As America’s sixth most populous region, Orange County is unique. Every U.S. metropolitan region has a city center where half or more of county folks live: The city of Los Angeles in Los Angeles County; Houston in Harris County; Chicago in Cook County; Phoenix in Maricopa County; are a few examples. By contrast, this county’s largest city, Anaheim, is merely 10 percent of O.C.’s population.
But while Anaheim does not dominate in demographics, it has long played a leading part in Orange County politics, economics and culture. Major and minor league professional sports teams, the county’s largest employer, robust diverse business and impactful policy leadership are centered in the home by the Santa Ana River.
So, from a leadership perspective, it troubles me personally, and should concern us all, to see ongoing turmoil in what should be a regional powerhouse. Anaheim is seeking its sixth city manager in seven years. Key professional staff members are labeled “interim.” More importantly, the rhetoric surrounding the recent termination of city manager Paul Emery paints the picture of dysfunctional politics that reflect poorly on the county as a whole.
In Anaheim, policy direction comes from elected city council members and mayor; day-to-day operations are run by a professional, council-appointed city manager, who manages city staff. By any reasonable measure, Anaheim is thriving with a recent infusion of $6 billion in private investment. Tax revenues are way up, despite not having a local utility users’ tax and no sales tax increases as recently passed by four other local cities. Tourism is strong as are other industry sectors.
Is Anaheim without problems? Of course not. One need only drive the 57 freeway to see the ever-growing homeless encampment along the Santa Ana River — no one shelter can solve everything. And throughout the U.S., growing income inequality, squeezing and shrinking of the middle class are real concerns that must be addressed.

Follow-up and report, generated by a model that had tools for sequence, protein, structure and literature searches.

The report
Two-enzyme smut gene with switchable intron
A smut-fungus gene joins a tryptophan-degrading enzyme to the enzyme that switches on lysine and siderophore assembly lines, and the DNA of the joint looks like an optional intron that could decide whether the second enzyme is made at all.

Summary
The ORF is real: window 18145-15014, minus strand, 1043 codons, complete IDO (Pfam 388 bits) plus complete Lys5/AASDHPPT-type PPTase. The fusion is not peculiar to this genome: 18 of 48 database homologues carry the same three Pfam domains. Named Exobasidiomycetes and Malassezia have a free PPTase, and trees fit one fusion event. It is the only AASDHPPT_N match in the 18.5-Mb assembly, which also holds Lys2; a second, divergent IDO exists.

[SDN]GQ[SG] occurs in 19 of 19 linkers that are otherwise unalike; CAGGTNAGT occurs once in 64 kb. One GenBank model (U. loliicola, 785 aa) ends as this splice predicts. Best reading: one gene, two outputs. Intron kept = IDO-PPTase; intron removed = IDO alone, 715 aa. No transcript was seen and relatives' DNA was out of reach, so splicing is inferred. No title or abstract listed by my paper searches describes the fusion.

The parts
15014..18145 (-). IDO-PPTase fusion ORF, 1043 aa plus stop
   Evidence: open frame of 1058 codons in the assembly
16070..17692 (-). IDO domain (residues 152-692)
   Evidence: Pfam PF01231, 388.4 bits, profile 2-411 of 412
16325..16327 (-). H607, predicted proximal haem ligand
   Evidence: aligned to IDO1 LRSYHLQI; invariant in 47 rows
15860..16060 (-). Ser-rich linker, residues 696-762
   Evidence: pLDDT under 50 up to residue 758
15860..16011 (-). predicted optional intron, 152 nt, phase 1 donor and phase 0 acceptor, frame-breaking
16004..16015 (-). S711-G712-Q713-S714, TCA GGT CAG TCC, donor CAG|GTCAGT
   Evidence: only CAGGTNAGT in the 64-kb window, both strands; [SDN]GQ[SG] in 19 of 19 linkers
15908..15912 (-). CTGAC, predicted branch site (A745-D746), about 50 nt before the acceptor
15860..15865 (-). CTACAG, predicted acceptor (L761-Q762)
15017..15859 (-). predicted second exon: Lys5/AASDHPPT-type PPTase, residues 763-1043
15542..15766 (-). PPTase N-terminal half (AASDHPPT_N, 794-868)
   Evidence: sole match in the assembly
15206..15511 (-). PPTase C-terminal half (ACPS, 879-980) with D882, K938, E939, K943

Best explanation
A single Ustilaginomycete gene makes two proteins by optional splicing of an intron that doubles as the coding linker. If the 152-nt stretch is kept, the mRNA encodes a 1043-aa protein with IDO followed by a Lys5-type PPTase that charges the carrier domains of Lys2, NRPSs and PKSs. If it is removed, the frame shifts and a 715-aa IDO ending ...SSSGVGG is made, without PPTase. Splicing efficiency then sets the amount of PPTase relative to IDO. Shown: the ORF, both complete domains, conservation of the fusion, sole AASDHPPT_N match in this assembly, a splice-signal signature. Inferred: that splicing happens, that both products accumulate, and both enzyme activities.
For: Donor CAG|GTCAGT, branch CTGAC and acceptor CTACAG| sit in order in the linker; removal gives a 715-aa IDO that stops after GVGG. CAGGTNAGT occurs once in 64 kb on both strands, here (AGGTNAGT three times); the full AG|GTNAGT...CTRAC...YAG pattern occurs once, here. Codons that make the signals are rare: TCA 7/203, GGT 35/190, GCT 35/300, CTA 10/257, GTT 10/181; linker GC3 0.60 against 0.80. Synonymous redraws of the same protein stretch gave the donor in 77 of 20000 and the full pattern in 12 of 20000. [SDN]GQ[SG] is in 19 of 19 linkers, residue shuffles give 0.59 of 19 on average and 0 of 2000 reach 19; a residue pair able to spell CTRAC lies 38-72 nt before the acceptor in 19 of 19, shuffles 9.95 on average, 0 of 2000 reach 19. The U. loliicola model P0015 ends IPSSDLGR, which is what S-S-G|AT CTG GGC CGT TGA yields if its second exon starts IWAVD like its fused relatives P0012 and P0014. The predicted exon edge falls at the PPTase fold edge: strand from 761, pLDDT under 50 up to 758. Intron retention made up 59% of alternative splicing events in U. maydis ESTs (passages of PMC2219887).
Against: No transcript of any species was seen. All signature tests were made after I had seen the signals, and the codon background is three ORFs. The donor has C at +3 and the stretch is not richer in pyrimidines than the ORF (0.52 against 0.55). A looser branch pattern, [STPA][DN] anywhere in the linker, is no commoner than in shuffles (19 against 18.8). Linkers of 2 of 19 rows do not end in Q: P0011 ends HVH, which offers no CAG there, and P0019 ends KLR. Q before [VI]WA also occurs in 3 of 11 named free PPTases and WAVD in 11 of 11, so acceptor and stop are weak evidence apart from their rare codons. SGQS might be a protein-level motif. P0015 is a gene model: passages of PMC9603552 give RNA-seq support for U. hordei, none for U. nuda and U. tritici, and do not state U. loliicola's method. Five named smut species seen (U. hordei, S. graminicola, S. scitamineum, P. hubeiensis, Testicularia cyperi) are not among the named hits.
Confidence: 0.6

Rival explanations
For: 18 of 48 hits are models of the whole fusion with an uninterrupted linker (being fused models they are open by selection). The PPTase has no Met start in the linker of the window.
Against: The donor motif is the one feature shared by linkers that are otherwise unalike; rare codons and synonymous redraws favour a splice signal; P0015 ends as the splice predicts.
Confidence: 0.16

But unlike other cities, Anaheim has the resources to make an impact. In fact, Anaheim has an embarrassment of riches that are the envy of other cities. Anaheim’s Resort District, the creation of thoughtful planning and the wisdom of previous elected leaders and city managers, generates a net positive cash flow to Anaheim of over $80 million per year. Put another way, if the resort were to suddenly disappear, the rest of Anaheim would have to raise taxes or cut services by $80 million to keep the city functioning as it does today. What would that loss mean? Fewer police officers, closed parks and libraries, less community outreach. By the way, Anaheim’s extra $80 million is far more than Mission Viejo’s entire annual city budget!
So when the mayor and new council majority fire another city manager and aver that a “new direction” is needed to emphasize “neighborhoods over tourists,” they’re offering residents a false choice. They ignore the reality that “tourists” provide the funding enabling those elected officials to invest in Anaheim neighborhoods. If the City Council contends there is not enough investment in neighborhoods, they need to merely look in the mirror, not blame others. Residents and businesses pay taxes, the mayor and council set policy, and staff implements. Want more money for city parks? Put it in the budget. Want to subsidize the development of more affordable housing, put it in the budget.
Seven elected council members are vested with the authority and obligation to lead. The Resort District is Anaheim’s golden goose and an economic boon for all of Orange County. Anaheim leadership means investing city resources in big things, in small things, in anything. But lead. Blame and management instability is cruel and risky for all of us.